I’ve read several articles lately on the debate over teaching cursive writing in schools or tossing it out. Those in favor of ditching it argue that with texting, tablets and computer keyboards, there’s no need for cluttering up the curriculum with a skill whose time has passed.
On the other hand, advocates of teaching “longhand” point to studies that show students retain more when they take notes in cursive, because cursive writing engages more areas of the brain. In addition, people who don’t learn to write cursive have a hard time reading it. That means personal family journals and letters, as well as historical documents, could be indecipherable to future generations without assistance.
The last argument resonates with me because of something that happened years ago, when my children were young. I was frantically trying to finish a writing project with a firm deadline. As the due date approached and true panic set in, I figuratively barricaded myself in my office – as much to keep me in, as to keep others out. I gave instructions to my daughters, then 7 and 11, along the following lines.
“Do NOT come into the office. Do not knock on the door. Do not shout through the door. Do not even approach the door unless someone is bleeding, or the house is on fire.”
“But what if—?”
“No what ifs. I have to get this done. Today. If you hear me open the door, you can talk to me then. Otherwise, I don’t exist. I mean it.”
Being resourceful, independent, and insightful enough to detect when their mother was on the edge of a nervous breakdown, they took my words to heart and left me to my work. Occasionally, a thud, door slam, cry of outrage, or shout of laughter penetrated my fortress of solitude, but I heard nothing that sounded like an in-person intervention was warranted.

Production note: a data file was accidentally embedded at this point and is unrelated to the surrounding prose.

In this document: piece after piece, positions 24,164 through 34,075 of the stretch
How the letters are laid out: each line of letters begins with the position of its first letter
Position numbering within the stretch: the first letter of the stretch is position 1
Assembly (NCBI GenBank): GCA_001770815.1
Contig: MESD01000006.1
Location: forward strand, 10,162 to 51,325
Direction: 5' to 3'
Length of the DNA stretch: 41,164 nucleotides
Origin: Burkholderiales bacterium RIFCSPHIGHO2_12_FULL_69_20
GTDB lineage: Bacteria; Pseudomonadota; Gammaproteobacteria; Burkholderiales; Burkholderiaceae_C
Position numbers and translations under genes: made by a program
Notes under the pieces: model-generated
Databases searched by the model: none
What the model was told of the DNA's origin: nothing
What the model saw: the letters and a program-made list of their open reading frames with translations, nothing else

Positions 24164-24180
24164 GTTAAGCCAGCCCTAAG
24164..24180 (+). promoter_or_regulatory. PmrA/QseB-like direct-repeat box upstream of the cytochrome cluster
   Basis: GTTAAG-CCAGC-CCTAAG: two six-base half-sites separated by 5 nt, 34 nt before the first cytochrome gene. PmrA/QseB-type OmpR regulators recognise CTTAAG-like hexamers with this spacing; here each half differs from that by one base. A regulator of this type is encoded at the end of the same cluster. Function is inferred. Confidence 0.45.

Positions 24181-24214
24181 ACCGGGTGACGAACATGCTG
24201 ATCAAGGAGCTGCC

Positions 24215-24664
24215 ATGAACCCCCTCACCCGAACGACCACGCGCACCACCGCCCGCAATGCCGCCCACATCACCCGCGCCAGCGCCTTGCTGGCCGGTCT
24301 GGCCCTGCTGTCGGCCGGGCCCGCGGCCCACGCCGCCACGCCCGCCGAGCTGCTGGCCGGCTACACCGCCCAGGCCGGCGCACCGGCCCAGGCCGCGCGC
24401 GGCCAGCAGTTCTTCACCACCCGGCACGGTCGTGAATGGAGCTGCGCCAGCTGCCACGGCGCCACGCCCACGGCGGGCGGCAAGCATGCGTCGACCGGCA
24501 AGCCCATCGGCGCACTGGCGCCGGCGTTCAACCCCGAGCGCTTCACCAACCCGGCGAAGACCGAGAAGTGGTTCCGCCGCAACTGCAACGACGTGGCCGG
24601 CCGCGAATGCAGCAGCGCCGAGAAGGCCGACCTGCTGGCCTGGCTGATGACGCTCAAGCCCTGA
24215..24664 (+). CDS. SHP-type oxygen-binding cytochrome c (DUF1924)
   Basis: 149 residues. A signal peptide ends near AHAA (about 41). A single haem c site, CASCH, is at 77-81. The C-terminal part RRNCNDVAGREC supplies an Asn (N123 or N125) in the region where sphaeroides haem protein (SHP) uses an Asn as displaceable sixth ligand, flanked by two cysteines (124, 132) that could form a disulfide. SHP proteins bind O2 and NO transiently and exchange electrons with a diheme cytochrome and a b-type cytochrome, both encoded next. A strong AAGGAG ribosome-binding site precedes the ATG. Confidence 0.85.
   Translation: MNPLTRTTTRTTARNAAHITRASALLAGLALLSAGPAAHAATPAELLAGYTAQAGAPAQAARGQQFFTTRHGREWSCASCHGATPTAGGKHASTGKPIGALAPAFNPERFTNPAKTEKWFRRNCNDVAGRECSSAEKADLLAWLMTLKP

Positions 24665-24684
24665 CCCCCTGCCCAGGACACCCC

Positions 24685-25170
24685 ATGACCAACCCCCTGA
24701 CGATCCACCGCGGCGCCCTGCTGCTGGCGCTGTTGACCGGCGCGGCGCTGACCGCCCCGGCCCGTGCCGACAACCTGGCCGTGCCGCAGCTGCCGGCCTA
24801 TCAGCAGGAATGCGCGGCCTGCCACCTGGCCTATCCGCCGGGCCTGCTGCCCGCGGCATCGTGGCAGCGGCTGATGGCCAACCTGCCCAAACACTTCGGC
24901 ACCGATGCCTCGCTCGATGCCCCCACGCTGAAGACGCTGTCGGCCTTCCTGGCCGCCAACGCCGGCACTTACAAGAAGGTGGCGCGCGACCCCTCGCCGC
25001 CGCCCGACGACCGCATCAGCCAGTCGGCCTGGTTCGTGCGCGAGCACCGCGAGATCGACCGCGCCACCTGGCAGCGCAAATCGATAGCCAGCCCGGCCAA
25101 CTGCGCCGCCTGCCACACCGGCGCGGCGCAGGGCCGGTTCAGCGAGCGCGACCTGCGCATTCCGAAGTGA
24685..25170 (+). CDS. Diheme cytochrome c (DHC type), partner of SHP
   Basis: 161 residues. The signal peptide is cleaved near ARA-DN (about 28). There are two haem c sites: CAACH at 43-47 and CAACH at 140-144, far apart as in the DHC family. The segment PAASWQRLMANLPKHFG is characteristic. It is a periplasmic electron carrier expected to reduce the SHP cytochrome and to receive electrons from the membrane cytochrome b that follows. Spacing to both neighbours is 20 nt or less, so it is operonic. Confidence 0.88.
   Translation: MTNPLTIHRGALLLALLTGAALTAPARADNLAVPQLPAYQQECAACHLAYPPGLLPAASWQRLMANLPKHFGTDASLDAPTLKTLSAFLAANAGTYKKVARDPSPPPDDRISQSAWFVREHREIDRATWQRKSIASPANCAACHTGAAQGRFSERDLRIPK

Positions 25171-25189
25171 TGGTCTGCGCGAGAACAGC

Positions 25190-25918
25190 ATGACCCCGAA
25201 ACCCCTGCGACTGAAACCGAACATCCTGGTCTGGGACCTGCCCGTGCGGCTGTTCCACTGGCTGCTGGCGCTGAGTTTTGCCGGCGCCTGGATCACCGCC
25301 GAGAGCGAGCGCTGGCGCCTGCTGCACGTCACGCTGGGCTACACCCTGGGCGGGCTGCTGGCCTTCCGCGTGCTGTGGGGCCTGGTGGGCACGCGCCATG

After about four hours I had made real progress. As I leaned back in my chair for a good stretch, I heard the sound of hushed debate coming from the hallway. I was about to investigate, when a sheet of lined paper fluttered in under the door and across my office floor.
I stooped to pick it up, and this is the message I read, written by my seven-year-old.
“Sorry to buther you. Alex [our dog] has a sore spot on his back. It is bleding. We think it is bad. Sara says, should we call the vet? Please answer.
P.S. Not in cursf please”
It made me laugh and feel guilty at the same time — both responses my children remain skilled at invoking. I felt bad that I had been so forceful in my demand for peace that they only dared breach it with a note. (Though in my defense, I did specify “bleding” as a reason to knock on the door). And I laughed because my daughter feared that even if her negligent mother responded, she might do so in the indecipherable code of cursive writing.
I understand that technology may make cursive writing seem obsolete, but I’ll always favor it, because the thrill of mastering the secret language of ‘cursf’ seems like a rite of passage to me. And yes, pun intended.